The other reason why the IEA data and Australian regulator coal methane records are so different is that it references new satellite information. “I think the solution really is to combine satellite measurements with actual direct measurements on the ground, that’s the only way we can really get a good picture of what’s going on,” Dr Assan said.
Professor Peter Rayner, an atmospheric scientist from the University of Melbourne, said the discrepancy in methane reporting was not necessarily deliberate. “I think all the operators, and probably the government, are getting away with doing things more simply than they can,” Professor Rayner said.
“The problem is not that people are trying to hide this, so much as that people aren’t doing the little bit of work that we need to actually work out what’s happening.”
Australia currently measures the global warming potential of methane over 100 years, but Ember researchers said that did not accurately measure its impact.
“The difference between methane and carbon dioxide is that methane has a much stronger heating effect in the short term compared to carbon dioxide, so around 82 times that of CO2 over 20 years,” Dr Assan said.
“It also has a shorter lifetime, which means that cutting the methane now will reduce global heating in the short term.”
At the Glasgow climate summit last year, Australia failed to join the US, EU, and more than 100 other countries in signing the Global Methane Pledge to “reduce global methane emissions by at least 30 per cent from 2020 levels by 2030”.
In another report, the IEA found that no new coal mines can be developed if the world is to reach net-zero by 2050, whilst a recent UN Report found that coal output needed to be reduced by 11 per cent each year to 2030 to limit global warming to 1.5 degrees.
“However, if Australia’s proposed [coal] production capacity is realised, the country will by 2030 be producing more than five times the maximum production amount to achieve a 1.5-degree compliant pathway in 2030,” the Ember report said.
There are 68 proposed coal projects across New South Wales and Queensland.
The Ember report found that if those projects were to be developed, Australia would become “the third-highest potential emitter of new CMM [coal mine methane] emissions after China and Russia”.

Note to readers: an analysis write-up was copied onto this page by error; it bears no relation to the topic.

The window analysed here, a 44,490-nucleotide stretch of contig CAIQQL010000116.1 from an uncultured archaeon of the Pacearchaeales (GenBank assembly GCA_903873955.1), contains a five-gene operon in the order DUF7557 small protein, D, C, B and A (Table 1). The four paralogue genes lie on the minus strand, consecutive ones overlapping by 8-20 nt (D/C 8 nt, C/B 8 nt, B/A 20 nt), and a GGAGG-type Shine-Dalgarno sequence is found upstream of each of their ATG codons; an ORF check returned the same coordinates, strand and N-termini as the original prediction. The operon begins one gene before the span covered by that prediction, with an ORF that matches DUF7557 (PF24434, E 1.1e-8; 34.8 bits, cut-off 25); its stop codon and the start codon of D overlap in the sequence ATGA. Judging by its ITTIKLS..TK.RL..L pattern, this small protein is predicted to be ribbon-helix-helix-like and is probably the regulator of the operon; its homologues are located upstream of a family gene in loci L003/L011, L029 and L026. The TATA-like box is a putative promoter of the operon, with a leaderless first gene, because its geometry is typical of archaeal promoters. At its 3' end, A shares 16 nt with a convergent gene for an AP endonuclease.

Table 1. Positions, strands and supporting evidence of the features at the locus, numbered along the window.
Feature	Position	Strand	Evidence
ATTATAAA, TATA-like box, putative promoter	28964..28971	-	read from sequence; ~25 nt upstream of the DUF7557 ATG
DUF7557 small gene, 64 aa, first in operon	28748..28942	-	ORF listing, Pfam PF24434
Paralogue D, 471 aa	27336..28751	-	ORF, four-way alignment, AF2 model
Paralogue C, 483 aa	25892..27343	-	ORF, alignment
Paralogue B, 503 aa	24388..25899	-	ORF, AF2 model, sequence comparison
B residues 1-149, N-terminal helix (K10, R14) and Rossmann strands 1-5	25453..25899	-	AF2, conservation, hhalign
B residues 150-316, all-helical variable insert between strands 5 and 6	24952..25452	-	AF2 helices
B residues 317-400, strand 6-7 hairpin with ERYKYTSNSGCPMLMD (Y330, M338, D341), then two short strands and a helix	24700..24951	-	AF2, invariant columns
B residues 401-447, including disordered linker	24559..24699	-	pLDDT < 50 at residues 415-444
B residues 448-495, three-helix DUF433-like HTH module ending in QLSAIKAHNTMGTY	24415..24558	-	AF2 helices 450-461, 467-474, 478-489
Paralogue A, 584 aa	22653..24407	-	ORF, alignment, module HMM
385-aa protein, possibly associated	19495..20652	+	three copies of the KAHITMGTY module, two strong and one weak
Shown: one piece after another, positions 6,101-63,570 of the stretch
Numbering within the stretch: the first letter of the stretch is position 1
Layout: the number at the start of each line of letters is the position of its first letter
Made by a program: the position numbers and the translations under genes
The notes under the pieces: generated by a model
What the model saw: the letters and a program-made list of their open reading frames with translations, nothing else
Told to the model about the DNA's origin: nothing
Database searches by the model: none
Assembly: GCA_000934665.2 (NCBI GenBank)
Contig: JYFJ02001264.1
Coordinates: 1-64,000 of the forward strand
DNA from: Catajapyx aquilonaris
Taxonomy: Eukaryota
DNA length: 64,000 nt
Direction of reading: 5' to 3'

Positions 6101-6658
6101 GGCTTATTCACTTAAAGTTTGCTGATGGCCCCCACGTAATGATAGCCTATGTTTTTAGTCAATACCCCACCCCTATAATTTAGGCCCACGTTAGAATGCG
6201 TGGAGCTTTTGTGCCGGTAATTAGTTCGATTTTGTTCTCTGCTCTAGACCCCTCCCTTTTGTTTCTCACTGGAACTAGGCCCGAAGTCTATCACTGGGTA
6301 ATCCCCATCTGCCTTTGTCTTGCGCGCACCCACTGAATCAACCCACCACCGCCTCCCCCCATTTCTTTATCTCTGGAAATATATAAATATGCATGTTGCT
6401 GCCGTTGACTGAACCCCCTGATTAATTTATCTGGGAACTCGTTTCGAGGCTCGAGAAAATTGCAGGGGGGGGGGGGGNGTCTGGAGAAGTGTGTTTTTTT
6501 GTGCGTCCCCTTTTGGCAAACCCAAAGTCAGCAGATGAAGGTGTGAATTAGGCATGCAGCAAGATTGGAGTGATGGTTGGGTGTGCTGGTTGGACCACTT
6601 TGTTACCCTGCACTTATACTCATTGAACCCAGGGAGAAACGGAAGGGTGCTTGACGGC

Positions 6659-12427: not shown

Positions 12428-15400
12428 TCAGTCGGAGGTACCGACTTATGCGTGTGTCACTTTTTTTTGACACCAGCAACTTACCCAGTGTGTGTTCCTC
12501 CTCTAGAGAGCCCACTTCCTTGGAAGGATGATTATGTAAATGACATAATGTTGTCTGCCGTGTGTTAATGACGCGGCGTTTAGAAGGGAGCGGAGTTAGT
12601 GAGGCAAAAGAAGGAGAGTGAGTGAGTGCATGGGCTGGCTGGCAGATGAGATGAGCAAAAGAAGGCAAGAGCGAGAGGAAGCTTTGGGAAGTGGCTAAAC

Minerals Council of Australia CEO Tania Constable said the mining industry was taking action on climate change and was committed to net zero emissions by 2050.
“The Australian coal industry has invested over $30 million to develop guidelines to assist the industry in meeting these requirements for both underground and surface mines,” she said.
“Other coal mining nations do not do this as thoroughly as Australia.”
Ember researchers said Australia’s coal industry needed a more robust methane emissions monitoring and reporting system, which incorporated new satellite monitoring technology.
“New satellites such as EnMAP, Carbon Mapper, CHIME, EMIT and MethaneSat will provide a more thorough picture of Australia’s CMM emissions and force improved transparency and methodology,” the report said.
According to the report, abatement measures for coal mine methane are available. It argues that vented air methane (VAM), which makes up most of the emissions, should be banned.
“The dominant means of reducing the climate impact of VAM is capturing the gas and either extracting or destroying the methane,” the report said.
“Combusting or passing methane through a flameless oxidiser destroys it and produces CO2 and water.”
The method still produces CO2, but not the more potent methane.
The CSIRO has also developed technologies to capture or limit methane emissions, including a machine that “uses a catalytic combustion gas turbine to create electricity from captured methane”.
“If applied to all underground mines, this technology has the potential to reduce Australia’s methane emissions by approximately 45 per cent,” the report said.
Meanwhile, Glencore’s Ravensworth underground coal mine in NSW, which was mothballed seven years ago, has quietly leaked methane equivalent to more than a million tonnes of carbon dioxide (CO2), an investigation by the Australian Conservation Foundation has revealed.
That means the abandoned Ravensworth coal pit, which has not produced a lump of coal since 2014, still emits as much climate pollution every year as 33,000 cars on the road.